Stay tuned for more raptors in the New Year. I already have the whole month planned for “Raptor Wednesdays.”

To Bee Or Not To Bee

When Europeans brought their domesticated honeybees to the New World, they joined the 4000 other species of bees all ready here. That’s a lot of different kinds of bees, but the invasive honeybees, the cattle of insects, the serfs of industry, get virtually all the attention. This is a shame. Honeybees are problematic, to say the least. (I was once a big advocate, but I’ve revised my thinking, not that I don’t think they’re fascinating.)

“The honeybees from a single domestic hive consume pollen and nectar that might otherwise provision 100,000 nest cells for diggers, masons, leaf cutters, and other native bees,” writes Thor Hanson in Buzz. Thanks to the wonder of the internet, the link above goes to the article he cites on this. The most significant effects of industrial honeybee colonies are in wild areas, not agricultural ones. It certainly makes you think about the explosion of bee-keeping, as here in New York City.

Green-Wood Cemetery, for instance, has hives in the Dell Water, which they want to revert to a more nature-friendly section. They have another batch of hives near the pollinator dream-world of their new native plant hillside. Are they undermining their own best efforts?

Hanson’s concise but comprehensive new book raises such questions. It should broaden everybody’s bee horizons. Like other insects, bees are disappearing in our lifetime. (Because, it might be argued, of our lifetimes). As noted here and many other places, this disappearance is two-fold: species are winking out, and the numbers within surviving species are shrinking. The causes are all anthropogenic and interconnected: toxins, imported pathogens, habitat destruction, climate change, industrial monocropping to feed the locust-expansion of human beings. One study found residue from 118 different pesticides in hives from around the country; these included poisons long since banned, like DDT, which persist in the environment. The synergistic interactions of all these chemical weapons are a whole other front in the war against life.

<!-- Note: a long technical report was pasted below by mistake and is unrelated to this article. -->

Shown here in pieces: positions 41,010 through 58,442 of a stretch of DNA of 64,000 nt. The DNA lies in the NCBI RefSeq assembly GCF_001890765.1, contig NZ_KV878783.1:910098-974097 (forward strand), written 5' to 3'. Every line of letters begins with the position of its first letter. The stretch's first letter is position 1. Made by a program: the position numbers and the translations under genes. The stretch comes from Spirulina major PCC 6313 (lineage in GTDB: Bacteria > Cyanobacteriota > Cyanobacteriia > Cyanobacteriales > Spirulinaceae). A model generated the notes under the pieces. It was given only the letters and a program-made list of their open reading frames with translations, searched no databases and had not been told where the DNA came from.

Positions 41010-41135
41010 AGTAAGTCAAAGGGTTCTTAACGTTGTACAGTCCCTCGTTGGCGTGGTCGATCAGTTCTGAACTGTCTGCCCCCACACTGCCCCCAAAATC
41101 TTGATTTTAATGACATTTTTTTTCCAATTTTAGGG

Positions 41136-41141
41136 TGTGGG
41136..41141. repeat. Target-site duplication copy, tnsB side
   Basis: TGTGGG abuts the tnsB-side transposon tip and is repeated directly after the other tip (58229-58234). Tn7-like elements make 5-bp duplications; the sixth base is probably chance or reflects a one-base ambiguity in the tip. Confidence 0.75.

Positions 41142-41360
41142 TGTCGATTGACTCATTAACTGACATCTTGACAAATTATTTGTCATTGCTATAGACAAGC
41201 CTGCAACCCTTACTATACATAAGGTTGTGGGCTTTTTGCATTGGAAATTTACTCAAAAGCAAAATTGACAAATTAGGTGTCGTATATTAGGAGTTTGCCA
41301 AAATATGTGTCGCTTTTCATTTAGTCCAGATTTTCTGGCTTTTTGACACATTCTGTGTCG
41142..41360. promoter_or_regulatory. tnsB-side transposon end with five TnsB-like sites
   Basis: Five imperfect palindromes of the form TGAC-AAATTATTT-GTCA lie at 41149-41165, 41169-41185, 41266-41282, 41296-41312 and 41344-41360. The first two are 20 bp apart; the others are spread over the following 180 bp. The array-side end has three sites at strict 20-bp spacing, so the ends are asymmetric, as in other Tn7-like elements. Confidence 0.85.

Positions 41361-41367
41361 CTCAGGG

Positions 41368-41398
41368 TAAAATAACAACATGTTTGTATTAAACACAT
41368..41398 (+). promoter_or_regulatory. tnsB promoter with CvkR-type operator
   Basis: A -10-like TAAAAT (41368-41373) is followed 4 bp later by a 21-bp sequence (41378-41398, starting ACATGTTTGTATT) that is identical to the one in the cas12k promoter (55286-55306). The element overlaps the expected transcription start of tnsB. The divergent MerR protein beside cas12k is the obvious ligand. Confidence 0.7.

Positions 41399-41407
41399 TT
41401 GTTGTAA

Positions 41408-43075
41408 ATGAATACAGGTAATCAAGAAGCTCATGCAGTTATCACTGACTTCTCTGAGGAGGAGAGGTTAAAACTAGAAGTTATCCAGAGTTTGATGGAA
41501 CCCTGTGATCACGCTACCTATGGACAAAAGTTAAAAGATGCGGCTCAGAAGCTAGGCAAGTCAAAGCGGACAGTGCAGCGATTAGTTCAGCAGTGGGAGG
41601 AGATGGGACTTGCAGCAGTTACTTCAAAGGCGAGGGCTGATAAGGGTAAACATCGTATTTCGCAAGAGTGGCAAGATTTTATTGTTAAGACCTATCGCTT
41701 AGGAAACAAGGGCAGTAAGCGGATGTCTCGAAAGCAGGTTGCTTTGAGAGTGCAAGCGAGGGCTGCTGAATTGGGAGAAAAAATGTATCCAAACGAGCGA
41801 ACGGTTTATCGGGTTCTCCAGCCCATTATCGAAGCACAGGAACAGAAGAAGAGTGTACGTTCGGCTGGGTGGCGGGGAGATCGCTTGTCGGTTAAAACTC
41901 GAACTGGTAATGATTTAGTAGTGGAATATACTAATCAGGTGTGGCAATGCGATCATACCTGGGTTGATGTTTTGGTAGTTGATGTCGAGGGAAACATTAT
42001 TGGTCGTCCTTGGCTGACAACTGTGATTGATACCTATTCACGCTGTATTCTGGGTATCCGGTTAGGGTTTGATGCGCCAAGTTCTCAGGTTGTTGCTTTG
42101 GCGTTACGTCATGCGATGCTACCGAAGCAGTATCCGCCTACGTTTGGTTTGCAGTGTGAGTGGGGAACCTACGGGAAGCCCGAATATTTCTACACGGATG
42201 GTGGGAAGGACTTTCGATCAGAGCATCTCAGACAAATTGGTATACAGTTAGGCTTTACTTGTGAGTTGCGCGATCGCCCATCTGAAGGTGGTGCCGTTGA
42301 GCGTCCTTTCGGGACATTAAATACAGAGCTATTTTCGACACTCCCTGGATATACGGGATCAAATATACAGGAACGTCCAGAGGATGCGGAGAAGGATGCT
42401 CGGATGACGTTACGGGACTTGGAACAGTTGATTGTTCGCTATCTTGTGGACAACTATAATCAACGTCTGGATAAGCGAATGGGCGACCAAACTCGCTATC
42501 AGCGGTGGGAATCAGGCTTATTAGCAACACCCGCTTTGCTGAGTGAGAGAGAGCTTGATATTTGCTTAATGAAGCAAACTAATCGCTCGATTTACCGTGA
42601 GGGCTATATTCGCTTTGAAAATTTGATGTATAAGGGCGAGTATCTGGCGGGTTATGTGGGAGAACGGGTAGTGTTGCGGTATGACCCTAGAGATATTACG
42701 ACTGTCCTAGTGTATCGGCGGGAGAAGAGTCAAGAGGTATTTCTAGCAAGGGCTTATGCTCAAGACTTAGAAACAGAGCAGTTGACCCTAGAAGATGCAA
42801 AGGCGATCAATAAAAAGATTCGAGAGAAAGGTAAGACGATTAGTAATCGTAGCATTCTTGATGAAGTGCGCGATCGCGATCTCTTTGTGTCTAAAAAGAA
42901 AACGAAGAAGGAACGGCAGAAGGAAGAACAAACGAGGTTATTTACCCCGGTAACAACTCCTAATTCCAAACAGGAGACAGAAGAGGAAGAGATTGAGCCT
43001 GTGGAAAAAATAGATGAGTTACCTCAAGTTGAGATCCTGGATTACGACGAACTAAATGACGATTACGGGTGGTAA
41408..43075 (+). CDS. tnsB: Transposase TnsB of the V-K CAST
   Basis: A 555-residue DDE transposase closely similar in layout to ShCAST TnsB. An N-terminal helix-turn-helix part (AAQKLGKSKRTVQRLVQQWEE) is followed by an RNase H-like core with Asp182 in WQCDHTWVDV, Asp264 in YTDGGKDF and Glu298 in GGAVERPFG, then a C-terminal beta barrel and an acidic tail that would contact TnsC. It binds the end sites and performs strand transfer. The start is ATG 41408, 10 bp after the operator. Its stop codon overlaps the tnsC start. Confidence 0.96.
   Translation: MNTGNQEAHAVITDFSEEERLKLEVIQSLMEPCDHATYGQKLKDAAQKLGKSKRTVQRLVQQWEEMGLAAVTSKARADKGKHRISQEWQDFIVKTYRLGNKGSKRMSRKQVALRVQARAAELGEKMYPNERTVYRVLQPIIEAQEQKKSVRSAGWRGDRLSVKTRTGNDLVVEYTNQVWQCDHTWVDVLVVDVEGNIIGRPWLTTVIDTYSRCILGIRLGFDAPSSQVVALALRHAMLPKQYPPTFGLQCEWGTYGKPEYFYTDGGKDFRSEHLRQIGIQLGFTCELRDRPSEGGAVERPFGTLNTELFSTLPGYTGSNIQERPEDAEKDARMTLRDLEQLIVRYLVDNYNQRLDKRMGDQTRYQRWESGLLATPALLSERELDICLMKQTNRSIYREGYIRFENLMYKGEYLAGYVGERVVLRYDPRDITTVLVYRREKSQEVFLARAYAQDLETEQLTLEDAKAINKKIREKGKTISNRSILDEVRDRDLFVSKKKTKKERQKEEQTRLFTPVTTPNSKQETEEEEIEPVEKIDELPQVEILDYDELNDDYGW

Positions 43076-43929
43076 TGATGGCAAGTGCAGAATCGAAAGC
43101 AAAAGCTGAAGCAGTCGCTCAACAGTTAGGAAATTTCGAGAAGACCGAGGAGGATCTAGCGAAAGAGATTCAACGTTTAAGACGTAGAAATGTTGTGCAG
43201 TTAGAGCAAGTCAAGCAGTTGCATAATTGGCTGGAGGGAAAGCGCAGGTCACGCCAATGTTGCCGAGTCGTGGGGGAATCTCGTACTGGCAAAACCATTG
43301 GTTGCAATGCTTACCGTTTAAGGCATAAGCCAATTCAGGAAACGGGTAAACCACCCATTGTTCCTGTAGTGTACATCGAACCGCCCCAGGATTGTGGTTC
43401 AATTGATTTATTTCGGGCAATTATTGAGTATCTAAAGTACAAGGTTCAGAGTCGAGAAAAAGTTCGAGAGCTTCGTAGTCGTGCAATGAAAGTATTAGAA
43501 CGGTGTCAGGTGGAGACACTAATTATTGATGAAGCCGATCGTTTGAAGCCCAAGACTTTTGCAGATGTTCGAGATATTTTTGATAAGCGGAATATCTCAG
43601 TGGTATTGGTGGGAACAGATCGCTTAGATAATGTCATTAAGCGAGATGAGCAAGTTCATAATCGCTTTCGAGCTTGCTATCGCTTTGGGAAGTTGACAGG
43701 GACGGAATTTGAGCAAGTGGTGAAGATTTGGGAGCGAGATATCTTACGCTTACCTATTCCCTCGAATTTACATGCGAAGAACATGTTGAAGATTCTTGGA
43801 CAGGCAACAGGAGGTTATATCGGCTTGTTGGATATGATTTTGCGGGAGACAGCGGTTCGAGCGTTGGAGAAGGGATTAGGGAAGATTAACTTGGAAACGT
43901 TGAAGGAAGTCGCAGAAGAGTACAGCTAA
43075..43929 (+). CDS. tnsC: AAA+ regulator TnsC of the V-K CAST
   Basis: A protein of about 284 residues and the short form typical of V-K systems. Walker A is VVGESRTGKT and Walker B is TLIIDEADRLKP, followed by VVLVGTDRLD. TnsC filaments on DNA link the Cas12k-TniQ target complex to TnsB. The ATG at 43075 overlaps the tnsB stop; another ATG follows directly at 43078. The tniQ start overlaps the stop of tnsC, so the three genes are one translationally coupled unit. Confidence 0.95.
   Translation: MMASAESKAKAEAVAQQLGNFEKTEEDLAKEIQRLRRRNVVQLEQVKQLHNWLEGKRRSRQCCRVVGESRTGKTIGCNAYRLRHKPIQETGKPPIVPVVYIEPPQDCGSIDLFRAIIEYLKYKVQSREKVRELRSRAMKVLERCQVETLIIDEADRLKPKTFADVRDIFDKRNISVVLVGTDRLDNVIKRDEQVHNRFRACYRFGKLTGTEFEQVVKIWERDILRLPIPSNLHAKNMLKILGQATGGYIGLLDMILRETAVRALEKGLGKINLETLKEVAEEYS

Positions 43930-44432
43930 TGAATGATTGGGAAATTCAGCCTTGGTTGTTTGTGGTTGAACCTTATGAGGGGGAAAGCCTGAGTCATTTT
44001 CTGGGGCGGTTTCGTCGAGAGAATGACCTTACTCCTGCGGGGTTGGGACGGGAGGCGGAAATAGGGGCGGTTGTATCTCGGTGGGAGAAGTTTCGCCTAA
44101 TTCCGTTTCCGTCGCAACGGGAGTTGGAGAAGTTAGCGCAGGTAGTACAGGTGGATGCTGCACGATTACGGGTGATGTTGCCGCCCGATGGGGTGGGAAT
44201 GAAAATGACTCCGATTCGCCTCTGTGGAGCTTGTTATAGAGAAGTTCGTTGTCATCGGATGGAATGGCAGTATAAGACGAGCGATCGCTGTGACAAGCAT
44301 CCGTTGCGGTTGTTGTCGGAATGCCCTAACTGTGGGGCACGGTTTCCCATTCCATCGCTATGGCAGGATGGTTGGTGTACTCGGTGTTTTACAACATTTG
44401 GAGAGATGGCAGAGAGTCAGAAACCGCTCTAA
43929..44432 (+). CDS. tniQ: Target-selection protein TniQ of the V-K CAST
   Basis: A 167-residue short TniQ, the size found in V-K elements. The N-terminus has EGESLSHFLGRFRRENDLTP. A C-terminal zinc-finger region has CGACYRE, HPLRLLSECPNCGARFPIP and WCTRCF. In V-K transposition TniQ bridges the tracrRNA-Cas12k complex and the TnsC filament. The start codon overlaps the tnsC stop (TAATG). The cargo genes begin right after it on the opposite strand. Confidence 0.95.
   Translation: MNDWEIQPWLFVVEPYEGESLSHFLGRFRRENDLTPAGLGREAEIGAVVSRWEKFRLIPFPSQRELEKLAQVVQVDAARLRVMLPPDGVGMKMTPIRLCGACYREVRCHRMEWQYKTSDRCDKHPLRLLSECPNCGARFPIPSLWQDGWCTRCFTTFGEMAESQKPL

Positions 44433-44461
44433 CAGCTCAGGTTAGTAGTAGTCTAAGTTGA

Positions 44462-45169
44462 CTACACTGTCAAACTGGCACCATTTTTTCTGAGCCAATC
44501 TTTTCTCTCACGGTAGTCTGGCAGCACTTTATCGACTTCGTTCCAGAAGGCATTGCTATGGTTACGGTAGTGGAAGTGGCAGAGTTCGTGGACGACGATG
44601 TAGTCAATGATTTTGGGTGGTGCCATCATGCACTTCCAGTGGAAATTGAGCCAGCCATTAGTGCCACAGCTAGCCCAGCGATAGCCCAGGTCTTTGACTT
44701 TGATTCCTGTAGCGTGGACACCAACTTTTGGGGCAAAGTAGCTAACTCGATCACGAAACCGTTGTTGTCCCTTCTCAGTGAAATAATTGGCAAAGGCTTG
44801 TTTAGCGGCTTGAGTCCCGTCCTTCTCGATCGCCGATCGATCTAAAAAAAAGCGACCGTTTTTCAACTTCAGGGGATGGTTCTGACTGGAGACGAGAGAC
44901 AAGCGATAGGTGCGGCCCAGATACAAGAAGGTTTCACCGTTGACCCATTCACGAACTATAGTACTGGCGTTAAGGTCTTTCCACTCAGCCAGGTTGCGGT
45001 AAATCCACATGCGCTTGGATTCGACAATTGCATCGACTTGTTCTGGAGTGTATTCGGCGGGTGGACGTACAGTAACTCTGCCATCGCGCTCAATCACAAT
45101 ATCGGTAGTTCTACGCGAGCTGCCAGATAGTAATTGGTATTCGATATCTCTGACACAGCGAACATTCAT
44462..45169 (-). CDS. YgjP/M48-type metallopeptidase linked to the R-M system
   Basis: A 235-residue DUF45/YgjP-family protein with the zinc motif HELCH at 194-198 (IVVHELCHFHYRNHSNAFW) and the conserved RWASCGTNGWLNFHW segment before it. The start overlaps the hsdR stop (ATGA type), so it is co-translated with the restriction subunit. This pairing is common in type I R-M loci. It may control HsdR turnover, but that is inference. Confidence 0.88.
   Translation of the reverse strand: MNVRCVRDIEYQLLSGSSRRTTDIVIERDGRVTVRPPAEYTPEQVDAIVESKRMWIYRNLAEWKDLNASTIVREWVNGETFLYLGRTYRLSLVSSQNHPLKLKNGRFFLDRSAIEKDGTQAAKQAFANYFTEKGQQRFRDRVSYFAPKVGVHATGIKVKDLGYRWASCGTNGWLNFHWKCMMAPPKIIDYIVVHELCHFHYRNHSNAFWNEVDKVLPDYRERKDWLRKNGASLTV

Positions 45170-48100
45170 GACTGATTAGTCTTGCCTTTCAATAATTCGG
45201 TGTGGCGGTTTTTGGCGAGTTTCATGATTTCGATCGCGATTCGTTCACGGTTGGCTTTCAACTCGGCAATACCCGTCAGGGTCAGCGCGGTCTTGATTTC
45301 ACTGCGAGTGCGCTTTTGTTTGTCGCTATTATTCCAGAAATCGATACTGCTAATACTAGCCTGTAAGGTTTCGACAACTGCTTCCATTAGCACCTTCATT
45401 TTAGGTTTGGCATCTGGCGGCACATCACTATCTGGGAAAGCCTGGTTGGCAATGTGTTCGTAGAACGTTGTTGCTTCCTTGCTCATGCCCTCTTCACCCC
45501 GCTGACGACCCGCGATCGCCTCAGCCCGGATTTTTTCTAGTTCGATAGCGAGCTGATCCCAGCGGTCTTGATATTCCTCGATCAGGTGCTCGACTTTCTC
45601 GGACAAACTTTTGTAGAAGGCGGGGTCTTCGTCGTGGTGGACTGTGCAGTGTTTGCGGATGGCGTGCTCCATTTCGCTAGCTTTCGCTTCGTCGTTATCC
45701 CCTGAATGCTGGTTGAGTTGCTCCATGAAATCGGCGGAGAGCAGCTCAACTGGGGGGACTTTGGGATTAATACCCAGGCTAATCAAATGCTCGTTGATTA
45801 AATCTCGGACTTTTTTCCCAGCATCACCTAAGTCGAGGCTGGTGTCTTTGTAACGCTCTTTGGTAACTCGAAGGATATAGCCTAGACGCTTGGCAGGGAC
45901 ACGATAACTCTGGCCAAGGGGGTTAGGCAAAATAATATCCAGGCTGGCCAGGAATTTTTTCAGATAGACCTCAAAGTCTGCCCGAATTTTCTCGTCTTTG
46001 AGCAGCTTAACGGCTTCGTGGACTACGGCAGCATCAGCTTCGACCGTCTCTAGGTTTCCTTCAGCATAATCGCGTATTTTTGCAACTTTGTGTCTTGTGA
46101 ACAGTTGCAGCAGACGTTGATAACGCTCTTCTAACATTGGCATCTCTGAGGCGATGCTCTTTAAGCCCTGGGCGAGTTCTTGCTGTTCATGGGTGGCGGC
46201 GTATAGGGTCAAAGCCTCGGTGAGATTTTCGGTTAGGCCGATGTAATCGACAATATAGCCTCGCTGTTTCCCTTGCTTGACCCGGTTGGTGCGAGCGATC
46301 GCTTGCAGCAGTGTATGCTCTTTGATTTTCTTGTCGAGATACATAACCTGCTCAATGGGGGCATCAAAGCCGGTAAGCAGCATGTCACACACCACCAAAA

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The author suggests you read the end notes. Duh! Here you’ll find much else that just couldn’t fit into the narrative. (Boy, do I know that feeling!) Like, for instance, the number of specimens Darwin sent home (8,000) and the number Wallace, who earned his living doing this, did (125,000; 83,200 of which were beetles).

The Big Book of Eagles

But let’s start… small: the Pygmy Eagle weights about the same as a pigeon. Whaa-ut? Hieraaetus weiskei is found on New Guinea and some of the surrounding islands. Evolutionary pressures on islands can sometimes result in rather small animals. Interestingly, this species is said to be one of the closest living relatives of the largest eagle ever, the extinct Haast’s Eagle of New Zealand (Harpagornis moorei). The Haast’s was a “33-pound (15kg) giant that preyed on moas” and that died out circa 1400 when the Maori killed off the last of the moas. (Islands can also cause gigantism.) The Pygmy Eagle used to be lumped with Australia’s Little Eagle (Hieraaetus morphnoides), but DNA and other evidence suggests it is its own species. Notwithstanding these small examples, eagles are some of the largest and rarest of birds. The largest recorded wingspan of an existing eagle species belongs to a female Wedge-tailed Eagle: 9’4″. The heaviest, a 20-pound Harpy Eagle. Harpy Eagles are tropical forest birds, so like Accipiters they have relatively short and stocky wings for maneuverability amid trees; while massive birds, they only rank about 6th in terms of wingspan. There is much more such information in this illustrated natural history by Mike Unwin and David Tipling. They cover most of the eagle species found in the world.